Walter Hussman Jr., the UNC-Chapel Hill donor who came under fire for meddling in the hire and controversial tenure case for journalist Nikole Hannah-Jones, is expected to be back on campus this week.
But it’s a subtle return to his namesake, the Hussman School of Journalism and Media, that doesn’t include a meeting with the school’s faculty.
Instead, he’ll be meeting with a small group of administrators and just one professor off campus.
“We intend to leave the meeting with a roadmap for working through our differences that is agreeable to Faculty and Mr. Hussman,” UNC-CH professor Steven King wrote in an email to his journalism school colleagues Monday explaining their plans to meet.
‘This is problematic’
At least one faculty member, journalism professor Deb Aikat, isn’t happy that this “hush-hush” meeting is happening. He said Hussman’s visit to campus is “shrouded in secrecy and lack of transparency, accountability and honesty,” which concerns faculty.
“We have never had such a situation where we had a secret meeting with a donor after the donor had some very questionable interactions, not only with a prospective hire but his comments in the media,” Aikat said. “This is problematic.”
Those “questionable interactions” exploded this summer during the national controversy about tenure for Hannah-Jones, a Pulitzer Prize-winning Black journalist who was set to join the UNC-CH journalism faculty as a Knight Chair in Race and Investigative Journalism this fall.
During the hiring process, Hussman questioned her work on The 1619 Project, which reframes the legacy of slavery and Black Americans in the United States. He was criticized for sharing his concerns with top UNC-CH administrators and decision-makers. He later stood by them, but has repeatedly said he did not pressure anyone regarding hiring Hannah-Jones.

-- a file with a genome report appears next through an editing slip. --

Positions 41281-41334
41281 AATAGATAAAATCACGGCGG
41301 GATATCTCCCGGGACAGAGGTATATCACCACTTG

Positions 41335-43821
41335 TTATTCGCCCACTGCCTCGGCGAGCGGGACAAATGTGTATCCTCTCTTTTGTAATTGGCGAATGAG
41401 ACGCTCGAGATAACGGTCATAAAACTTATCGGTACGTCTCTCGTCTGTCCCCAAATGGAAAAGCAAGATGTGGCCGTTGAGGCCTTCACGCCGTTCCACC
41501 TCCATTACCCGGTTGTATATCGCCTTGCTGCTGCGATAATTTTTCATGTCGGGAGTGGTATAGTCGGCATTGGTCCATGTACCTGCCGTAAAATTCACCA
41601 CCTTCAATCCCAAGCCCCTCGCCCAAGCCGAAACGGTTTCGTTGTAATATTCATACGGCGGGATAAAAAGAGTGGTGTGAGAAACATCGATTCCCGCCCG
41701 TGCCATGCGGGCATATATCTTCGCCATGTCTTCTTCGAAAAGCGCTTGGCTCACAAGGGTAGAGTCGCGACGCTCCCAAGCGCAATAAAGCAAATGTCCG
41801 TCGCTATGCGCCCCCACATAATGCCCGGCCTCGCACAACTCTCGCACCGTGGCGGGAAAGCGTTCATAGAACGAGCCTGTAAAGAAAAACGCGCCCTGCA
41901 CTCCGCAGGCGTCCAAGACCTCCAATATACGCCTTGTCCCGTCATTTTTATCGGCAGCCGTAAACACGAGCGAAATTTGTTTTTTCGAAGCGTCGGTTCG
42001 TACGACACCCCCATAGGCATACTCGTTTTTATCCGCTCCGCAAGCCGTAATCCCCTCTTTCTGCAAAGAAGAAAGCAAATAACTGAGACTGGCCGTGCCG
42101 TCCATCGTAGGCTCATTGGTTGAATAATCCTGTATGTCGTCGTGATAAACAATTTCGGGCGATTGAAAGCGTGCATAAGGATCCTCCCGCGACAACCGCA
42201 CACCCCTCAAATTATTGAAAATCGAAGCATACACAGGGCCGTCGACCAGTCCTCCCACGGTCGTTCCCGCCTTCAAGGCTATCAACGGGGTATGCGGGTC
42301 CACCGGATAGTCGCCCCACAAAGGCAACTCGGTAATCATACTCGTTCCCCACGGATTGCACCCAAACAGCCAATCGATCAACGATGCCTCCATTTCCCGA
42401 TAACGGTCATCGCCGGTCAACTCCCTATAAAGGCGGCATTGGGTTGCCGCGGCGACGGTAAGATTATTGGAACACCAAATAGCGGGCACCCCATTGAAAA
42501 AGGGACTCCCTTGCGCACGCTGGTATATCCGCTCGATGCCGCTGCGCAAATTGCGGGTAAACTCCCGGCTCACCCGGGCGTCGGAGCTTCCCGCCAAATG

It’s unclear how much influence Hussman really had, but he had recently given the school a $25 million donation that put his name on the school. Hussman’s daughter, Eliza Hussman Gaines, is also a member of the school’s foundation board, which raises and manages private money for the school.
Hussman’s money also came with strings attached. The deal required that his statement of core values about how journalism should be conducted be etched in granite and displayed prominently within the school. Many journalism faculty were bothered by that after learning about Hussman’s role in Hannah-Jones’ tenure case.
And they’re still looking for clarity on donor agreements and interference.
Ultimately, Hannah-Jones turned down the UNC-CH job, partly because of Hussman. She said she couldn’t maintain her dignity and work for a school bearing his name.
Instead, she took a job as the inaugural Knight Chair at Howard University, an historically Black university.
Faculty concerns with Hussman visit
In preparation for Hussman’s visit to campus, full-time faculty were given a survey asking them about a potential meeting with Hussman.
They said they wanted to talk about UNC-CH’s tenure and hiring process, “new thinking about the future of journalism/ethics,” the values of the non-journalism areas of the school and the damage done to the school’s reputation, according to the survey analysis obtained by The News & Observer. The report was put together by Dean Susan King’s cabinet members and shared this week.